8:00 ~12:00, 13:00~16:30


Ambassade du Japon en Tunisie

9, Rue Apollo XI, Cite Mahrajene,

B.P.163, 1082 Tunis, Tunisie

Tel : 71 791 251 / Fax : 71 786 625

Email de Service culturel


Japonya Büyükelçiliği

Reşit Galip Caddesi, No:81, G.O.P, 06692 Çankaya, Ankara – Türkiye

Tel:             +90-(0)-312-446 05 00       – Faks: +90-(0)-312-437 18 12

Consulate-General of Japan in Istanbul

Tekfen Tower 10th,

Buyukdere Cad. No.209 34394 4.Levent


Tel:             +90 (0) 212 317 4600

Fax: +90 (0) 212 317 4604

TURKMENISTAN Not in english


Embassy of Japan in the United Arab Emirates

P.O. Box 2430, Abu Dhabi, UAE

Tel (971-2) 4435696 Fax (971-2) 4434219


Consulate-General of Japan in Dubai 

P.O.Box 9336, Dubai, United Arab Emirates

TEL:            +971-4-331-9191       FAX:+971-4-331-9292


UKRAINE Not in english



Embassy of Japan

101-104 Piccadilly

London W1J 7JT

TEL             020 7465 6500

FAX 020 7491 9348

Embassy (excluding visa)

Embassy opening hours – 9:30 – 18:00 (Monday – Friday excluding Embassy holidays)

Foyer Gallery is open 9:30 – 17:30 Monday to Friday

Telephone Enquiries

General Enquiries (excluding visa enquiries)

020 7465 6543       / 6544


Education (Club Taishikan)             020 7465 6573

Education/MEXT Scholarships             020 7465 6583

JET Programme             020 7465 6668

Library             020 7465 6541

Press Enquiries             020 7465 6588   When the Embassy is closed please contact the Foreign Press Centre in Japan, which is open from 10.00 to 18.00 (01.00 to 09.00 GMT), Monday to Friday.

Tel:             00-81-3-3501 3401

Fax: 00-81-3-3501 3622


Consulate General of Japan in Edinburgh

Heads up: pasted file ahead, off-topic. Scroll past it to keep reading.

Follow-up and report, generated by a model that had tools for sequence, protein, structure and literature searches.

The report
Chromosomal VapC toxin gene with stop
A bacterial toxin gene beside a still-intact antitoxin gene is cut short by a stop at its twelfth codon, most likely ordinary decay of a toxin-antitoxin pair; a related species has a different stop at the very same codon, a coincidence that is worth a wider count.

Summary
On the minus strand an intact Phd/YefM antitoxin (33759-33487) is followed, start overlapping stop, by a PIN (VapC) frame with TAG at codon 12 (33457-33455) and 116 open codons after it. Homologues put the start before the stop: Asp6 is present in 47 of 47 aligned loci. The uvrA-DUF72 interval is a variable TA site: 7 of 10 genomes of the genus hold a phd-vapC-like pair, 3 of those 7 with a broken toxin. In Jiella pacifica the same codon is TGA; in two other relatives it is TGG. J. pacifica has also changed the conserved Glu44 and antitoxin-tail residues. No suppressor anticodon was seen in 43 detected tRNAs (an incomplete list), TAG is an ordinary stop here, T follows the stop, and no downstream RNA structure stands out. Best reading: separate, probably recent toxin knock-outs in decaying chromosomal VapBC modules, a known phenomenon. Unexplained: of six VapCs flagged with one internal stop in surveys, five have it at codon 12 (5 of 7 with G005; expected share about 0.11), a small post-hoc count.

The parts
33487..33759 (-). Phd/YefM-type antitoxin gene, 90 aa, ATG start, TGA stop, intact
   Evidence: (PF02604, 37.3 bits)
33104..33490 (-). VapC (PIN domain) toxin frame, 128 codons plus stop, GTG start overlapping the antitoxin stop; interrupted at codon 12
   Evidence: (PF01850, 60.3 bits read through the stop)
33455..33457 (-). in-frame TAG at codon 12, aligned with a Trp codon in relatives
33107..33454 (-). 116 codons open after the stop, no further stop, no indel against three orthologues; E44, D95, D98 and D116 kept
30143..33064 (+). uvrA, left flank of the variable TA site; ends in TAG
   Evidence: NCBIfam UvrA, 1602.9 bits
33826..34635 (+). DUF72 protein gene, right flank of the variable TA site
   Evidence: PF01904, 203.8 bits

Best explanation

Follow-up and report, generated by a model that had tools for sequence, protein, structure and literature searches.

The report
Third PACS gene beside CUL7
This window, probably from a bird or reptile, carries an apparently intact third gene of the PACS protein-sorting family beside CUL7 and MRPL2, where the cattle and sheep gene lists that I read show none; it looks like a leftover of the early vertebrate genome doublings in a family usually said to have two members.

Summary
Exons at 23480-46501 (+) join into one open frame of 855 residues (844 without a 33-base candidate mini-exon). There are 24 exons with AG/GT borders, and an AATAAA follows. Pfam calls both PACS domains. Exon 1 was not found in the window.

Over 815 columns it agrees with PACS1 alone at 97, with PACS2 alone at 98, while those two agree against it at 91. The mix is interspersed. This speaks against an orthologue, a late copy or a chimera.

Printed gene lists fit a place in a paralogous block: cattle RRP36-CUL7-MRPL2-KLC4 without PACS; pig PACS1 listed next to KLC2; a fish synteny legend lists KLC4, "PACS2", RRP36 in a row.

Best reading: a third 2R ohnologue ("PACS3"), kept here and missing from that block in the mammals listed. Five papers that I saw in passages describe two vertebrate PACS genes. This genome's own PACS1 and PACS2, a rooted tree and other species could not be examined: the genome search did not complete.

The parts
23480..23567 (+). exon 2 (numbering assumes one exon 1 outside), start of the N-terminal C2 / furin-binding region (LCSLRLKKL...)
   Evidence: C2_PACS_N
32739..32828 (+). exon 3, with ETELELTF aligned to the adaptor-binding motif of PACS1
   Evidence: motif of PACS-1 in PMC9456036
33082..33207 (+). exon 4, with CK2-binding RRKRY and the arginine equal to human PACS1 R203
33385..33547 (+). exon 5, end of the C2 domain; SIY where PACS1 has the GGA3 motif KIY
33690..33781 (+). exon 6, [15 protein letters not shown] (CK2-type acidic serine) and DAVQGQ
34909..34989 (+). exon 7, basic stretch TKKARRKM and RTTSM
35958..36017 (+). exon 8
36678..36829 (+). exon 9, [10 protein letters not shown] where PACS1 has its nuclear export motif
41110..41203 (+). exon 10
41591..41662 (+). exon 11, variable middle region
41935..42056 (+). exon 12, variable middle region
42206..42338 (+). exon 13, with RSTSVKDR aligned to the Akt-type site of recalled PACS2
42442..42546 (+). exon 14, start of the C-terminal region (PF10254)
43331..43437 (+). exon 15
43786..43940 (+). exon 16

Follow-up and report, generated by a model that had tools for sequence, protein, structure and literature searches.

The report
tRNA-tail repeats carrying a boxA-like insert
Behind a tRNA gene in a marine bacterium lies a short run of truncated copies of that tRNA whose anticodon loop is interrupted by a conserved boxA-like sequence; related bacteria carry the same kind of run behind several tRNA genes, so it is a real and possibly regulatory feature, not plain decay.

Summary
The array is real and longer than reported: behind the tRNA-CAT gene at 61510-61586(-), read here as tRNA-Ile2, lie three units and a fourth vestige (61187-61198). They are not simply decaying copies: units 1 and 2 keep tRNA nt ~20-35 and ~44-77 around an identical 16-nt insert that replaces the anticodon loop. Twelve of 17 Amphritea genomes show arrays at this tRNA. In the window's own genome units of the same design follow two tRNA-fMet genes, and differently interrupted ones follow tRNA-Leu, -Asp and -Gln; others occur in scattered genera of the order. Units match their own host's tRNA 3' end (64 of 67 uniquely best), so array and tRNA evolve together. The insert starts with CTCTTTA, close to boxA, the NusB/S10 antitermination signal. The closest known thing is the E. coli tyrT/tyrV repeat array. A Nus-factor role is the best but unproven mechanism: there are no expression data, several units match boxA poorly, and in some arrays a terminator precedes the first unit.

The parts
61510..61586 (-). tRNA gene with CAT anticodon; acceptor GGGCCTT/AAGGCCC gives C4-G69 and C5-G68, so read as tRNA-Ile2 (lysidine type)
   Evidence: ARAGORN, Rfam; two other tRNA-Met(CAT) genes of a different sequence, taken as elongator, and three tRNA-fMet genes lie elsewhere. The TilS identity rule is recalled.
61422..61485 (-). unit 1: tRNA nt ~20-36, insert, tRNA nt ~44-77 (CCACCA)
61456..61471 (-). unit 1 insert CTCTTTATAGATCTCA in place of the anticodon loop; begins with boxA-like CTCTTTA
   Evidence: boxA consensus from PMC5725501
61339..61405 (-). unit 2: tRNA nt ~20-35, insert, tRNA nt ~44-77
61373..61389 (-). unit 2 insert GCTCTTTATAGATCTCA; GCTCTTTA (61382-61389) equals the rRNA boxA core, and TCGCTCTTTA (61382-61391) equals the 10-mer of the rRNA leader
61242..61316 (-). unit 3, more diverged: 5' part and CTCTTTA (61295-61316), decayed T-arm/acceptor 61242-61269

2 Melville Crescent Edinburgh EH3 7HW

Tel:             +44 (0)131 225 4777

Fax: +44 (0)131 225 4828


2520 Massachusetts Ave NW

Washington, DC 20008


202-238-6700 (Main)

202-238-6800 (Visa)

202-238-6900 (Japan Information & Cultural Center)

202-238-6773 (JET Office in the Embassy)


Dirección:Bulevar Artigas 953, Montevideo, Uruguay

Tel:            (+598-2)-418-7645

Fax:(+598-2)-418-7980 (attn : Sección Consular)

Horario:de 09:00 a 12:30hs, de 13:30 a 17:00 (lunes-viernes)

*Teléfono para emergencia fuera del horario de la oficina:094-232-223


Посольство Японии в РУ: 100047, Узбекистан, г. Ташкент, ул. Садыка Азимова, 1-й проезд, д. 28

Телефоны:             (+99871) 120-80-60      , 61, 62, 63 Факс: (+99871) 120-80-77


Page not found


Edificio Bancaracas Piso 11, Av.San Felipe Con 2a Transversal, La Castellana, Municipio Chacao, Estado Miranda, Venezuela. (Apartado No.68790, Altamira,Caracas 1062-A Venezuela)


Lunes a Viernes de 9:00~12:00 y 13:30~17:00

  • TEL: (+58) 212-261-8333
  • FAX: (+58) 212-261-6780


所在地: 27 Liễu Giai, Quận Ba Đình, Hà Nội

電話: 84-4-3846-3000 Fax: 84-4-3846-3043


Abu Dhabi, United Arab Emirates (P.O. Box 2430)

電話 :国外からは(国番号971-2


FAX :国外からは(国番号971-2443-4219


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4TH Floor

Social Security Center

Corner Julius Nyerere Way/ Sam Nujoma Street

P O Box 2710


Tel: +263 4 250025/7

Fax: +263 4 250111

Finally scientists have confirmed what we saw coming from 6,000 miles away: pacific bluefin tuna are now contaminated with significant amounts of radioactive cesium and who-knows-what other isotopes.  

Testing of bluefin tuna caught off the coast of California revealed that every one tested contained radiocesium in concentrations as much as 10bq/kq.  To put that number in perspective, 100bq/kg would be considered low-level radioactive waste under U.S. environmental law and require special disposal.  So, it’s only 10% as bad as officially radioactive waste.  Yum!  

And to get a little more perspective, here are some of the numbers coming back in fish in Japan, found at Jan Hemmer’s blog:

No.109, 111: Fukushima Prefecture greenling (Cs: 160,910 Bq / kg)

No.112, 113: stone flounder in Fukushima Prefecture (Cs: 140,210 Bq / kg)

No.116, 175: Ezoainame Fukushima Prefecture (Cs: 240, 110Bq/kg)

No.121, 179: Fukushima Prefecture fox rockfish (Cs: 210,590 Bq / kg)